build method: hmmbuild -o /dev/null HMM SEED
search method: hmmsearch -Z 61295632 -E 1000 --cpu 4 HMM pfamseq
|Family (HMM) version:||24|
|Download:||download the raw HMM for this family|
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This visualisation provides a simple graphical representation of the distribution of this family across species. You can find the original interactive tree in the More....
This chart is a modified "sunburst" visualisation of the species tree for this family. It shows each node in the tree as a separate arc, arranged radially with the superkingdoms at the centre and the species arrayed around the outermost ring.
How the sunburst is generated
The tree is built by considering the taxonomic lineage of each sequence that has a match to this family. For each node in the resulting tree, we draw an arc in the sunburst. The radius of the arc, its distance from the root node at the centre of the sunburst, shows the taxonomic level ("superkingdom", "kingdom", etc). The length of the arc represents either the number of sequences represented at a given level, or the number of species that are found beneath the node in the tree. The weighting scheme can be changed using the sunburst controls.
In order to reduce the complexity of the representation, we reduce the number of taxonomic levels that we show. We consider only the following eight major taxonomic levels:
Colouring and labels
Segments of the tree are coloured approximately according to their superkingdom. For example, archeal branches are coloured with shades of orange, eukaryotes in shades of purple, etc. The colour assignments are shown under the sunburst controls. Where space allows, the name of the taxonomic level will be written on the arc itself.
As you move your mouse across the sunburst, the current node will be highlighted. In the top section of the controls panel we show a summary of the lineage of the currently highlighed node. If you pause over an arc, a tooltip will be shown, giving the name of the taxonomic level in the title and a summary of the number of sequences and species below that node in the tree.
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There are some situations that the sunburst tree cannot easily handle and for which we have work-arounds in place.
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Some species in the taxonomic tree may not have one or more of the main eight levels that we display. For example, Bos taurus is not assigned an order in the NCBI taxonomic tree. In such cases we mark the omitted level with, for example, "No order", in both the tooltip and the lineage summary.
Unmapped species names
The tree is built by looking at each sequence in the full alignment for the family. We take the name of the species given by UniProt and try to map that to the full taxonomic tree from NCBI. In some cases, the name chosen by UniProt does not map to any node in the NCBI tree, perhaps because the chosen name is listed as a synonym or a misspelling in the NCBI taxonomy.
So that these nodes are not simply omitted from the sunburst tree, we group them together in a separate branch (or segment of the sunburst tree). Since we cannot determine the lineage for these unmapped species, we show all levels between the superkingdom and the species as "uncategorised".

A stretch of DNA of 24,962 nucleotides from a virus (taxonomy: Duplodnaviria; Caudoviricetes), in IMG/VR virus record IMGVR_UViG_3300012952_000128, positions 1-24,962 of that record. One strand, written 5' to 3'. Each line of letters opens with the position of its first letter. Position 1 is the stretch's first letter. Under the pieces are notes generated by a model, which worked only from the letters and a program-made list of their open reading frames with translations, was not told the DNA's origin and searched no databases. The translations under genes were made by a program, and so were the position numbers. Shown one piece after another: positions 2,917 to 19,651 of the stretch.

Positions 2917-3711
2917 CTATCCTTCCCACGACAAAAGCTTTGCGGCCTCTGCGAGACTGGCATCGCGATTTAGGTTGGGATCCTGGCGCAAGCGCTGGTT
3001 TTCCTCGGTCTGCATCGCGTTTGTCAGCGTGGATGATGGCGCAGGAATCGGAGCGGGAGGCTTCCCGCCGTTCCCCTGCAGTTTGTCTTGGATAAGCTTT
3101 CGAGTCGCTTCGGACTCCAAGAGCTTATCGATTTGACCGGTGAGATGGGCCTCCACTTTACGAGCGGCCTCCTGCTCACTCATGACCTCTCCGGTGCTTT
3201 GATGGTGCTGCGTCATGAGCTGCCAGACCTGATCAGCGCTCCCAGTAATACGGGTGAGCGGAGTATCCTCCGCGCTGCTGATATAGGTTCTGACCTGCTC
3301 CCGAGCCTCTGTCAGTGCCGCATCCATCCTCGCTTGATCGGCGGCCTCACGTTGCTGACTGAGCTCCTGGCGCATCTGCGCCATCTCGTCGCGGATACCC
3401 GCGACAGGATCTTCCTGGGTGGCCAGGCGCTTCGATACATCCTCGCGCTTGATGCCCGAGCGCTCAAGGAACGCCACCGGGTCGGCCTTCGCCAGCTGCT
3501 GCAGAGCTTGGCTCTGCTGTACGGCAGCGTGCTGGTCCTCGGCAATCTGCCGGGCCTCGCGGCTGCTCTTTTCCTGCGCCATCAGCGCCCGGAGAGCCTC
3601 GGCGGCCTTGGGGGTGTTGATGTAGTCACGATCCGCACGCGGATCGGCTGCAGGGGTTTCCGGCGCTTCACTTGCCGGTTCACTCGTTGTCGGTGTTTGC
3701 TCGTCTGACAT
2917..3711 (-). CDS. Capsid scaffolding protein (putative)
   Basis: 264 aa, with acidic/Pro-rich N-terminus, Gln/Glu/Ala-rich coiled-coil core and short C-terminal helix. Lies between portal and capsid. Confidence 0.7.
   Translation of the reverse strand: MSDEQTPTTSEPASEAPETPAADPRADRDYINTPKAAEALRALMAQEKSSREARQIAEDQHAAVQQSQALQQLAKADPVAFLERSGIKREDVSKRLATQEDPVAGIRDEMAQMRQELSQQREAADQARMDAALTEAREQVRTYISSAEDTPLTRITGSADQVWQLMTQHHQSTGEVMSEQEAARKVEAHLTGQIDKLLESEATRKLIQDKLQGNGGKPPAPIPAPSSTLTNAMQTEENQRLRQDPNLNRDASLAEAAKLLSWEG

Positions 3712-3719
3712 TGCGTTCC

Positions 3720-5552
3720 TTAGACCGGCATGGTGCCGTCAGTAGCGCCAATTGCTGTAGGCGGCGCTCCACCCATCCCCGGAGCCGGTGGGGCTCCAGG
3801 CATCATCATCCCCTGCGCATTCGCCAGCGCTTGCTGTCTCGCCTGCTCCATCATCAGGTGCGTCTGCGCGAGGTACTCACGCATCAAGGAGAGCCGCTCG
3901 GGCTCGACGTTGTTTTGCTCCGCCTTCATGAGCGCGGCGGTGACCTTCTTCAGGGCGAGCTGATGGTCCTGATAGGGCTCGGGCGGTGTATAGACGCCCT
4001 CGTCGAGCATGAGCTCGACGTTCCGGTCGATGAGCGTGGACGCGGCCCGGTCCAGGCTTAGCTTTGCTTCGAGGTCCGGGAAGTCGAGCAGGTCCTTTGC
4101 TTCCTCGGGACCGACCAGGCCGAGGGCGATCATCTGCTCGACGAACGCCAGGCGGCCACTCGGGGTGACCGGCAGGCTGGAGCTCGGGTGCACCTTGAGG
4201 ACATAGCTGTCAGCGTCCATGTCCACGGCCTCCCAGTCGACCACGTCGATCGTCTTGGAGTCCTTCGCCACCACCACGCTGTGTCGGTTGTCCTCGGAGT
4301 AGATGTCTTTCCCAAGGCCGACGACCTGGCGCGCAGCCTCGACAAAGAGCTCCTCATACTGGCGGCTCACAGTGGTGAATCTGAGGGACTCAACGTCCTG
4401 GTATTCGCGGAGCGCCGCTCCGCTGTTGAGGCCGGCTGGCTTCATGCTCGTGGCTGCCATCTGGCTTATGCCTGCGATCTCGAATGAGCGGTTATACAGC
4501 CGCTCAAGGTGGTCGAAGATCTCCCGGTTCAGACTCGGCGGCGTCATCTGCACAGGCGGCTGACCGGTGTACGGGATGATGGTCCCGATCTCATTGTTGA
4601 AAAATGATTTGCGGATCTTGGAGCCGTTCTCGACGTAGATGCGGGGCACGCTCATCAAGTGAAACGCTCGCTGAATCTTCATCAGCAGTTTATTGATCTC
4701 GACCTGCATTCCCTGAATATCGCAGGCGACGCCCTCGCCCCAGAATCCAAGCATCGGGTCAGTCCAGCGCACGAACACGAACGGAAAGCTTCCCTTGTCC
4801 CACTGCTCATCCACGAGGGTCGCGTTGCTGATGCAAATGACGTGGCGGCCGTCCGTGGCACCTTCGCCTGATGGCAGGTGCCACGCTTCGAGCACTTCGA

Since we reduce the species tree to only the eight main taxonomic levels, sequences that are mapped to the sub-species level in the tree would not normally be shown. Rather than leave out these species, we map them instead to their parent species. So, for example, for sequences belonging to one of the Vibrio cholerae sub-species in the NCBI taxonomy, we show them instead as belonging to the species Vibrio cholerae.
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The tree shows the occurrence of this domain across different species. More...
We show the species tree in one of two ways. For smaller trees we try to show an interactive representation, which allows you to select specific nodes in the tree and view them as an alignment or as a set of Pfam domain graphics.
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For all of the domain matches in a full alignment, we count the number that are found on all sequences in the alignment. This total is shown in the purple box.
We also count the number of unique sequences on which each domain is found, which is shown in green. Note that a domain may appear multiple times on the same sequence, leading to the difference between these two numbers.
Finally, we group sequences from the same organism according to the NCBI code that is assigned by UniProt, allowing us to count the number of distinct sequences on which the domain is found. This value is shown in the pink boxes.
We use the NCBI species tree to group organisms according to their taxonomy and this forms the structure of the displayed tree. Note that in some cases the trees are too large (have too many nodes) to allow us to build an interactive tree, but in most cases you can still view the tree in a plain text, non-interactive representation. Those species which are represented in the seed alignment for this domain are highlighted.
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For those sequences which have a structure in the Protein DataBank, we use the mapping between UniProt, PDB and Pfam coordinate systems from the PDBe group, to allow us to map Pfam domains onto UniProt sequences and three-dimensional protein structures. The table below shows the structures on which the AA_permease domain has been found. There are 88 instances of this domain found in the PDB. Note that there may be multiple copies of the domain in a single PDB structure, since many structures contain multiple copies of the same protein sequence.
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AlphaFold Structure Predictions
The list of proteins below match this family and have AlphaFold predicted structures. Click on the protein accession to view the predicted structure.